‘In the Pursuit of Justice’ – Photo exhibition by students of Azim Premji University

Exhibiting the journey of three developmental clinics through Posters, Infographics, Photo-narratives and Documentary Films

‘In Pursuit of Justice’ was a thought-provoking exhibition of the year-long engagement of three Developmental Clinics by the Law and Governance Specialization students at the Azim Premji University. The exhibition was held at the Vismaya Gallery of the Rangoli Metro Art Centre on MG Road on 23rdand 24th of April, 2016. This exhibition was an opportunity for the members of the three clinics to get public engagement and create awareness about the issues that they have worked hard to understand over the past 9 months. Also a part of the exhibition was a Panel Discussion on ‘Learning Through Developmental Clinics: A Conversation with Faculty Clinic Directors from Azim Premji University (Atreyee Mazumdar, Sitharamam Kakarala and Narayana A.) which was held on the evening of the 23rd. The panel and the exhibition were attended by persons from various walks of life and persuasions.

The Panel discussion was moderated by Abhayraj Naik, who asked the panelists some difficult and pointed questions regarding their roles as Clinic Directors, their pedagogic styles, the impact of their own political views on the clinics’ work, and their view of the role that working on the kinds of issues taken up during clinical field engagement plays in a climate where student activism is looked at warily.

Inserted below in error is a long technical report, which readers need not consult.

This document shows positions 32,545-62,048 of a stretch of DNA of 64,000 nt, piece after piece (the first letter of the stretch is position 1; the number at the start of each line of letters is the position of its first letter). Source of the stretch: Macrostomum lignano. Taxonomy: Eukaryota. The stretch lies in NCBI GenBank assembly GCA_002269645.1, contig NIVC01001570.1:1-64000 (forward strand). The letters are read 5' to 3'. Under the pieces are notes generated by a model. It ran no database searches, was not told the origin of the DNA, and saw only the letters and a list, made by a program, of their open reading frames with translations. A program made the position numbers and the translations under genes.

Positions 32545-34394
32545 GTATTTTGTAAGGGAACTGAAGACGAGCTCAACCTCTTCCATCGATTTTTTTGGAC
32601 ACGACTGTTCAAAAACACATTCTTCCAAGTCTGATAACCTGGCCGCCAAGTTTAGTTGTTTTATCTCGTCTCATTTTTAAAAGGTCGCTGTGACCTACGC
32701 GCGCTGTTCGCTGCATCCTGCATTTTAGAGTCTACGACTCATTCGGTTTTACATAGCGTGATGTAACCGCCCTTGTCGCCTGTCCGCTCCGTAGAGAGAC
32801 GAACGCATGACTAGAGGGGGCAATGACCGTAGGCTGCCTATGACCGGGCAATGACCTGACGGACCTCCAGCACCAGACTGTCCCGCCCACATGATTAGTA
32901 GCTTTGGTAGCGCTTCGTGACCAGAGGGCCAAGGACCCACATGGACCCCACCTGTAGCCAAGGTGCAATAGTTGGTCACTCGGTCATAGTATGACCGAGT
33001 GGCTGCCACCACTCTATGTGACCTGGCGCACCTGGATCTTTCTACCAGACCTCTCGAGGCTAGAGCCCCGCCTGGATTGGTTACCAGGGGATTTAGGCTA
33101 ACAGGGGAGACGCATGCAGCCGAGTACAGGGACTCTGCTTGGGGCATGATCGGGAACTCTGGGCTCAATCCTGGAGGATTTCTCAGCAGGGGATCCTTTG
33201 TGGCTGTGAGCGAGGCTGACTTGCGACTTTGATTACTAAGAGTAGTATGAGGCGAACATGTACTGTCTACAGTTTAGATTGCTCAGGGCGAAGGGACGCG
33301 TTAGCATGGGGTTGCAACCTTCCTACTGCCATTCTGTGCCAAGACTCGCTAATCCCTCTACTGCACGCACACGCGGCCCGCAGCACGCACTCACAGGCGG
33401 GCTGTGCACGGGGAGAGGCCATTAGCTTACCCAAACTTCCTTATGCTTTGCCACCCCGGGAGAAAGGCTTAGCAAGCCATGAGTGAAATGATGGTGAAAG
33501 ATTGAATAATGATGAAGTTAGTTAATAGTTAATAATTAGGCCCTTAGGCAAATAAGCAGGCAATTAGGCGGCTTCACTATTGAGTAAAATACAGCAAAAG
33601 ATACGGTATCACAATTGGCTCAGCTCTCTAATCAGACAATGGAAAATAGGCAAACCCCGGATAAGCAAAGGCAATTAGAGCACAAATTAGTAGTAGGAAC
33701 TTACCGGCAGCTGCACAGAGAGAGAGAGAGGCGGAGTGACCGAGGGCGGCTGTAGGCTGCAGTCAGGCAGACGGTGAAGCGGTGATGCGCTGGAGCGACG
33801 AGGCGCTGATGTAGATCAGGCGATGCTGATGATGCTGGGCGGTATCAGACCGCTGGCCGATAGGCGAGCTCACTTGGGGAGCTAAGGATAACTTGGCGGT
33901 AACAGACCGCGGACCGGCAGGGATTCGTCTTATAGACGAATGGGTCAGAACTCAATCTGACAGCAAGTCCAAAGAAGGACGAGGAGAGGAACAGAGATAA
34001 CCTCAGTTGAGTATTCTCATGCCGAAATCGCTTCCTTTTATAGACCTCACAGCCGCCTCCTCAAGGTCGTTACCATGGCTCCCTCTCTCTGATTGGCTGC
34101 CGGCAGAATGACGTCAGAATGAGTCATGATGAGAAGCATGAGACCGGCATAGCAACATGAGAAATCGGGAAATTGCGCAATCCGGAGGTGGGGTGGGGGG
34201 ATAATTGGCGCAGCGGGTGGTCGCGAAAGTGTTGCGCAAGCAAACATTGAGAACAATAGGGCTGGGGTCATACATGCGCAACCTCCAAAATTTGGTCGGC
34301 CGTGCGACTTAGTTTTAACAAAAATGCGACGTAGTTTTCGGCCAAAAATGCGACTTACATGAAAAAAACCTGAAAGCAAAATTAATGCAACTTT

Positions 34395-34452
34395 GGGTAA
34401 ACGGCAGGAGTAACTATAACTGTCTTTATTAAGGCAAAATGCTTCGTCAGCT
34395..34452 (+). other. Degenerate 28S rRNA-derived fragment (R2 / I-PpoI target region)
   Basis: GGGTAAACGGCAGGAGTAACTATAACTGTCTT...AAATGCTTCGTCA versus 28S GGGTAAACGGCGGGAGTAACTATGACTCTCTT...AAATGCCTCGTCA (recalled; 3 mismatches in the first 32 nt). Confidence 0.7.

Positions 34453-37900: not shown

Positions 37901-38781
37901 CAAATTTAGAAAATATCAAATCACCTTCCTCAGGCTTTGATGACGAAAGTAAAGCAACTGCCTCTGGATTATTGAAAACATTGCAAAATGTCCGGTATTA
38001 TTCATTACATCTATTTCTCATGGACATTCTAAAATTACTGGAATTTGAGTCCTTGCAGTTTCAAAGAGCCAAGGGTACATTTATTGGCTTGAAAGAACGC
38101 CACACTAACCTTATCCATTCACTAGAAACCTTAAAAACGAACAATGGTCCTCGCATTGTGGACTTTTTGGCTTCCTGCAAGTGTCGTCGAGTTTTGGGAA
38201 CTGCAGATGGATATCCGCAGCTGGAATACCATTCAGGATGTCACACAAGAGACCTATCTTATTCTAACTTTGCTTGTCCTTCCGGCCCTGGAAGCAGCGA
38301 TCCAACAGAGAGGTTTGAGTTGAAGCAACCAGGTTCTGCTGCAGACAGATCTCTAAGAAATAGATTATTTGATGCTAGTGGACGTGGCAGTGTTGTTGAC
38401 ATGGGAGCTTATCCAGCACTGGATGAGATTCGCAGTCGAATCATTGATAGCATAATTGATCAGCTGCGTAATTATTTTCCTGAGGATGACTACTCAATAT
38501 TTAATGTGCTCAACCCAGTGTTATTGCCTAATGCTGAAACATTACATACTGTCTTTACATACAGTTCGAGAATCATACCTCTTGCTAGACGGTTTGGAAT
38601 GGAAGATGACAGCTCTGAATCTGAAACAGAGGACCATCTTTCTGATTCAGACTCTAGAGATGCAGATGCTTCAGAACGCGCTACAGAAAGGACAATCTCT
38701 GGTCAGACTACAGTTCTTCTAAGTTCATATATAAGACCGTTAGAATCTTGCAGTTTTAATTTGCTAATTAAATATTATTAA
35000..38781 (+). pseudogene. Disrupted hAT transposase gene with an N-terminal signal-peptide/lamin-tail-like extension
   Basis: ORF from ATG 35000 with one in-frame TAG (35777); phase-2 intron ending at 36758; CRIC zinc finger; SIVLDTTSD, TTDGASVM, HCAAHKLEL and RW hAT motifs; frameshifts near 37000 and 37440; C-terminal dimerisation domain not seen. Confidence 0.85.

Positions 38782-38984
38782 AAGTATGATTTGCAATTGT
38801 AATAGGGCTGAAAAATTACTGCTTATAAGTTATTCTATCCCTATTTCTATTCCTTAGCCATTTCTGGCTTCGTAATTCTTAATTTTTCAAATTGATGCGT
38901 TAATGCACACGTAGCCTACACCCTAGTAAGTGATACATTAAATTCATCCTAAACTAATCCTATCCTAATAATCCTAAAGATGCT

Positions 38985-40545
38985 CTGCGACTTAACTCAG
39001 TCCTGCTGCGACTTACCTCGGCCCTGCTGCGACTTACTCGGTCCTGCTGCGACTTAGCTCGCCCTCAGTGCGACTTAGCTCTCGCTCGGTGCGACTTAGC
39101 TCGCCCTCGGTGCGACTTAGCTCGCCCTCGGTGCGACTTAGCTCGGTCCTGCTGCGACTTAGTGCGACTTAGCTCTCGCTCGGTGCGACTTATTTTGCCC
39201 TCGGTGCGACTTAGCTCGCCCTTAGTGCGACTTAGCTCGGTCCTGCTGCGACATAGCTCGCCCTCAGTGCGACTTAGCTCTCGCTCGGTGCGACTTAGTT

Clinical Engagement forms a fundamental part of the Law and Governance Specialization in the M.A. Development program at Azim Premji University. Clinical Engagement incorporates well maintained observational interactions with the field to supplement primarily theoretical classroom learnings. Engagement through Clinical education exposes students to the requests, requirements and technical skills for managing unstructured circumstances, where the “issues” have not been pre-distinguished even in cases where the broader region of intervention appears to be clear. Therefore, these activities imitate the key difficulties confronted by developmental practitioners while simultaneously opening up potential outcomes for social justice, law reform, and the meeting of unmet developmental needs. Students cooperatively work with faculty supervisors to recognize an issue, create associations with stakeholders to comprehend the field, frame a strategy of intervention, and figure out ways to execute it.

Three Clinics based on different themes were operationalized this year in consideration with student interest – The Land Governance Clinic (LGC), The Local Governance Clinic (LOGC) and The Human Rights Clinic (HRC).

The Land Governance Clinic (LGC) of 2015-2016 has been working on governance of common lands, with specific focus on Amrit Mahal Kavals in North Karnataka. The Local Governance Clinic (LOGC) of 2015-2016 has been working on formulation, evaluation and implementation of Section 61a under the Karnataka Panchayati Raj Act. Nangali Gram Panchayat of Mulbagal Taluk at Kolar district is the intervention field of the Local Governance Clinic (LOGC). The Human Rights Clinic (HRC) of 2015-2016 has been working on death penalty with emphasis on death row convicts in the state of Karnataka.

The clinics had displays, photographs, infographics, maps and documentaries in English and Kannada. Their work can be accessed through the apulawandgovernanceclinics.wordpress.com

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